# German Numbers and Counting: 21-100

In our previous lesson, we introduced you to the German numbers from 0 to 20. Now it's time to expand to "higher" math—from 21 (einundzwanzig) to 100 (hundert). Once you have a grasp of the twenties, the rest of the numbers up to 100 and beyond are similar and easy to learn. You'll also be using many of the numbers you learned from zero (null) to 20.

For the German numbers above 20, think of the English nursery rhyme "Sing a Song of Sixpence" and the line "four and twenty blackbirds" ("baked in a pie"). In German, you say one-and-twenty (einundzwanzig) rather than twenty-one. All of the numbers over 20 work the same way: zweiundzwanzig (22),einundreißig (31), dreiundvierzig (43), etc. No matter how long they may be, German numbers are written as one word.

For numbers above (ein)hundert, the pattern just repeats itself. The number 125 ishundertfünfundzwanzig. To say 215 in German, you simply put zwei in front of hundert to make zweihundertfünfzehn. Three hundred is dreihundert and so on.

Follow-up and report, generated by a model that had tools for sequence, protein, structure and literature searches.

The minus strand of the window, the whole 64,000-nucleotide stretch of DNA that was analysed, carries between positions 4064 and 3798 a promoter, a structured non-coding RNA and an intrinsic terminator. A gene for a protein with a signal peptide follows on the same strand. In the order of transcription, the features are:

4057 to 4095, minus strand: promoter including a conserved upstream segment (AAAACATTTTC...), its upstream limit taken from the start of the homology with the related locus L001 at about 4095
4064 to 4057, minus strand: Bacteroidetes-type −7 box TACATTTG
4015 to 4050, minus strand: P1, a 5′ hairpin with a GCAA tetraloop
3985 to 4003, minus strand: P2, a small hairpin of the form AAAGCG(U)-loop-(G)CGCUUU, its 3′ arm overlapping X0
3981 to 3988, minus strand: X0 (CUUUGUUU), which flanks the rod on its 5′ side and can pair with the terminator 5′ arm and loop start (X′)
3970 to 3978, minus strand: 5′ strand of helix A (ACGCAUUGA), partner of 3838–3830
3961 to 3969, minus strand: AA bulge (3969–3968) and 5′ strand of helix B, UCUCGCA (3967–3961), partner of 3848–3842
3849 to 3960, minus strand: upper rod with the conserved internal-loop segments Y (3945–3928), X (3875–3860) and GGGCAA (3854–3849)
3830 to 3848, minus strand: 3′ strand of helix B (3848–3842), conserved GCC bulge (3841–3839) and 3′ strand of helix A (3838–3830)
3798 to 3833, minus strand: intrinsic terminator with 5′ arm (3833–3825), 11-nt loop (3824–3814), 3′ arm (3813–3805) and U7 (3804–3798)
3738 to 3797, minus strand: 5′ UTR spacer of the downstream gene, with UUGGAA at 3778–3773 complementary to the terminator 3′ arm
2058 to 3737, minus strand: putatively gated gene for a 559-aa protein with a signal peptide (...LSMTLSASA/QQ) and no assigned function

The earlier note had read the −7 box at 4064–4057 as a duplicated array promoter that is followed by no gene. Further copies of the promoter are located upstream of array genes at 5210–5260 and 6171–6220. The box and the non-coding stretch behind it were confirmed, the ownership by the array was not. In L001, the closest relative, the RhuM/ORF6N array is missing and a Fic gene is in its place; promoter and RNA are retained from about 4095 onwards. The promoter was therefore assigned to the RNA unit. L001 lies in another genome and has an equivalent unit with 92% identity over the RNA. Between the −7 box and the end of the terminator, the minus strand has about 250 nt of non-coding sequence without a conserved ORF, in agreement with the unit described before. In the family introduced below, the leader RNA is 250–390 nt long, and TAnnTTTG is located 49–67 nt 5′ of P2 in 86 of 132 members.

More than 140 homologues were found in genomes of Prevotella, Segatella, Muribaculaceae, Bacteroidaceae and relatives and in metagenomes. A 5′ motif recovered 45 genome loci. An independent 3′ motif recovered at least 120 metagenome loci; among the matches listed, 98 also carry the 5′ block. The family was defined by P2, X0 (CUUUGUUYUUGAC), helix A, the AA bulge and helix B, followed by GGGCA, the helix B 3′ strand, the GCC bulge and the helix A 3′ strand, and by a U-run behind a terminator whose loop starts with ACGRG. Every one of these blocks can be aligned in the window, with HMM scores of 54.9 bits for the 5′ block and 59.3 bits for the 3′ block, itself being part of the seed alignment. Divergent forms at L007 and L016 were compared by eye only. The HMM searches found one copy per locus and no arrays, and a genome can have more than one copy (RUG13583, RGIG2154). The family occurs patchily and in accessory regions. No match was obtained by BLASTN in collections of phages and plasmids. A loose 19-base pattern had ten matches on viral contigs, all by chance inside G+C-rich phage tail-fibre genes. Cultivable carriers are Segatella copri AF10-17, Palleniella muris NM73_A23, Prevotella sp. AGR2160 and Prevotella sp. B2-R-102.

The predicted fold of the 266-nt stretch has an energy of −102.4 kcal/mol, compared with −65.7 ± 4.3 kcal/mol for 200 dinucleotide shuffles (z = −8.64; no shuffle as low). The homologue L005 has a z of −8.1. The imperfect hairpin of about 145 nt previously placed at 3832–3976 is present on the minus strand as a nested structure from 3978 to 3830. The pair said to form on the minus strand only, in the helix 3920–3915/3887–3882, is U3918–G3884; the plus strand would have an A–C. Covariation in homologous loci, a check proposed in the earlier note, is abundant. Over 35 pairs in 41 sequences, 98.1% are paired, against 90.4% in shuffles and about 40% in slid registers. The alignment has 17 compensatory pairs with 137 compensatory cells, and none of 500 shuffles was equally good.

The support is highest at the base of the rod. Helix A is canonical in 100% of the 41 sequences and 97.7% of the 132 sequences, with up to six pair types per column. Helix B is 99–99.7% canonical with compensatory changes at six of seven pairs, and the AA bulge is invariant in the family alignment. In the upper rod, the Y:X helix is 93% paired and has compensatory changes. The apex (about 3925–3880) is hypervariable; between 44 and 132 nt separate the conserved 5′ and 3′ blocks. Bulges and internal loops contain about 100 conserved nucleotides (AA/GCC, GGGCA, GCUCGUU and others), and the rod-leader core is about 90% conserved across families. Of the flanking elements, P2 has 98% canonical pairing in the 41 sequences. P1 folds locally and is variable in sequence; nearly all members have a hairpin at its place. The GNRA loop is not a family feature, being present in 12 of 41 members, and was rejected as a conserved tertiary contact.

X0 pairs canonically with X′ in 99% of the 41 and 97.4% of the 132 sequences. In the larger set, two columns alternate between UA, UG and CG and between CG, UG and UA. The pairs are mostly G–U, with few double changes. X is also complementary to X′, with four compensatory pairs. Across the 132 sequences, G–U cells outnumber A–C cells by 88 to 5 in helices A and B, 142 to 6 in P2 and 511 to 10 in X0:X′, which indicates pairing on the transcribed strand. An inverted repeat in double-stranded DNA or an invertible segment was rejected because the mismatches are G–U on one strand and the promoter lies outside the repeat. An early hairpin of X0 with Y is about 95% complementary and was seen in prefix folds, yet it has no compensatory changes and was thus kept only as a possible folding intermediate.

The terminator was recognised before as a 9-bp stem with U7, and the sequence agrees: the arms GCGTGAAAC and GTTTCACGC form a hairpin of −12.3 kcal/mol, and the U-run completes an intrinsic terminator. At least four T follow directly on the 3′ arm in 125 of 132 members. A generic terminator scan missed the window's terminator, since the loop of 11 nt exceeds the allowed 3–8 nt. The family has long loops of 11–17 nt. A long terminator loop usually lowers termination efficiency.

## Wie Viel? / Wie Viele?

To ask "how much" you say wie viel. To ask "how many" you say wie viele. For example, a simple math problem would be: Wie viel ist drei und vier? (How much is three and four?). To ask "how many cars" you would say: Wie viele Autos?, as in Wie viele Autos hat Karl? (How many cars does Karl have?).

After you go over the number charts below, try seeing if you can write down a number above 20 in German. You could even try simple math in German!

## Die Zahlen 20-100 (by tens)

Note: The number sechzig (60) drops the s in sechs. The number siebzig (70) drops the en insieben. The number dreißig (30) is the only one of the tens that doesn't end with -zig. (dreißigdreissig)

## Die Zahlen 21-30

Note: The number dreißig (30) is the only one of the tens that doesn't end with -zig.

Format
mla apa chicago